Wearing his badge and the department's black uniform, Santa Rosa Police Lt. Ray Navarro stood before a classroom full of energetic fifth grade students on a recent afternoon.
"How can we show respect for people?" Navarro asked the class, then pointed to three 10-year-olds raising their hands.
"By recycling," said Zaira Pachuca Martinez.
"Stand up for others," Giovanni Gonzalez said.
"Be great and not join gangs," said Jonathan Ramirez.
The Santa Rosa Police Department is aiming its gang-prevention efforts at children as young as 9 years old by spending time in the classroom.
Based on a curriculum used across the country called the Gang Resistance Education and Training Program, or G.R.E.A.T., uniformed officers talk with children about a variety of issues: how to handle being angry; what to do when they witness bullying; or what to say when a friend pressures them into participating in an activity like writing graffiti.
The aim is to curb delinquent behavior and diminish the allure of gangs.
In 2012, 22 percent of all crimes involving firearms were linked to gangs, and 10 percent of all crimes committed in schools were gang-related, according to Santa Rosa Police statistics.
Since Navarro launched the program in Santa Rosa in 2011, officers have taught about 770 students in fifth- and seventh-grade classrooms in Santa Rosa City, Bellevue Union and Roseland school districts.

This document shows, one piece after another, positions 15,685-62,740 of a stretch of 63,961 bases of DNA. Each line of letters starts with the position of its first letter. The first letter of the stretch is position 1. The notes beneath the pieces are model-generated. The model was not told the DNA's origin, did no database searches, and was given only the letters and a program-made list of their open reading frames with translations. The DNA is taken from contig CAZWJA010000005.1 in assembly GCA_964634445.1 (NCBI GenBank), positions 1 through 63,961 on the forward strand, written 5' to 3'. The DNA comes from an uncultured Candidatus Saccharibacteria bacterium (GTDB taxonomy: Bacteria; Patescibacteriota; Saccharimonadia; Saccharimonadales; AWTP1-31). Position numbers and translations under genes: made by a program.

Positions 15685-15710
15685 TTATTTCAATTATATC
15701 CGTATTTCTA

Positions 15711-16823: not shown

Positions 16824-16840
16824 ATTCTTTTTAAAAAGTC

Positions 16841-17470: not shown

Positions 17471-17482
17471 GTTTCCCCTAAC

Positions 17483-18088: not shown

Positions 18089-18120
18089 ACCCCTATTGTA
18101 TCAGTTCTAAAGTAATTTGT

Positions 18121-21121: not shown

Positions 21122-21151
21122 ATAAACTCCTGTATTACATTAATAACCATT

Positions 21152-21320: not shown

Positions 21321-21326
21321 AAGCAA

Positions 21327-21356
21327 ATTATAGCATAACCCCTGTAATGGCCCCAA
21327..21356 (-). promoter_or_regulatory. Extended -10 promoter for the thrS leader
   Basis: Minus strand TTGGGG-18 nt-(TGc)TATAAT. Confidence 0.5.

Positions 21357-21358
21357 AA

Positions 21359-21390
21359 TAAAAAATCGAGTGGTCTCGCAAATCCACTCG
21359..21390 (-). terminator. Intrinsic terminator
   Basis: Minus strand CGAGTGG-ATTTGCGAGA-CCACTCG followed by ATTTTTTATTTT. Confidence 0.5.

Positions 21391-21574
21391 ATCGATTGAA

Supported by a state grant, police have taught the lessons at nine elementary and middle schools in neighborhoods where students are most likely to feel pressure to join gangs.
Although gang activity occurs throughout the city and its outskirts, the western and southern neighborhoods typically experience the bulk of gang-related crimes, said Sgt. Eric Goldschlag, who oversees the Police Department's gang unit.
Goldschlag said that when officers visit homes of known gang members, it's common to see family photos on display that show young children dressed up in gang colors and flashing gang signs.
"Some kids pick it up from friends, some from family members," Goldschlag said.
Either way, children are being indoctrinated when they are very young, often as early as age 10.
"That is just one of the reasons (visiting classrooms) is important for us," he said.
G.R.E.A.T. is based on curriculum started by Phoenix police and officers with the Bureau of Alcohol, Tobacco and Firearms in 1991 that has been formalized into a program that trains officers across the country. Several Santa Rosa Police officers and a prosecutor with the Sonoma County District Attorney's Office have gone through the training.
Officers talk with students about bullying, respect for people who are different, how to communicate and how to deal with being angry, among other topics.
At Roseland Elementary on Nov. 21, Navarro had seven students read from a workbook, each playing a character in a scenario about a student who is making fun of kids participating in a community service project.
"She doesn't sound like she cares about her community," said Keomony Mimitte, 10.
At least two research studies have tried to address whether the G.R.E.A.T. curriculum actually works in deterring gang involvement, and the results have been mixed.
But the simple act of getting children used to talking with uniformed officers has significant value, said Khaalid Muttaqi, program manager of the Santa Rosa Mayor's Gang Prevention Task Force.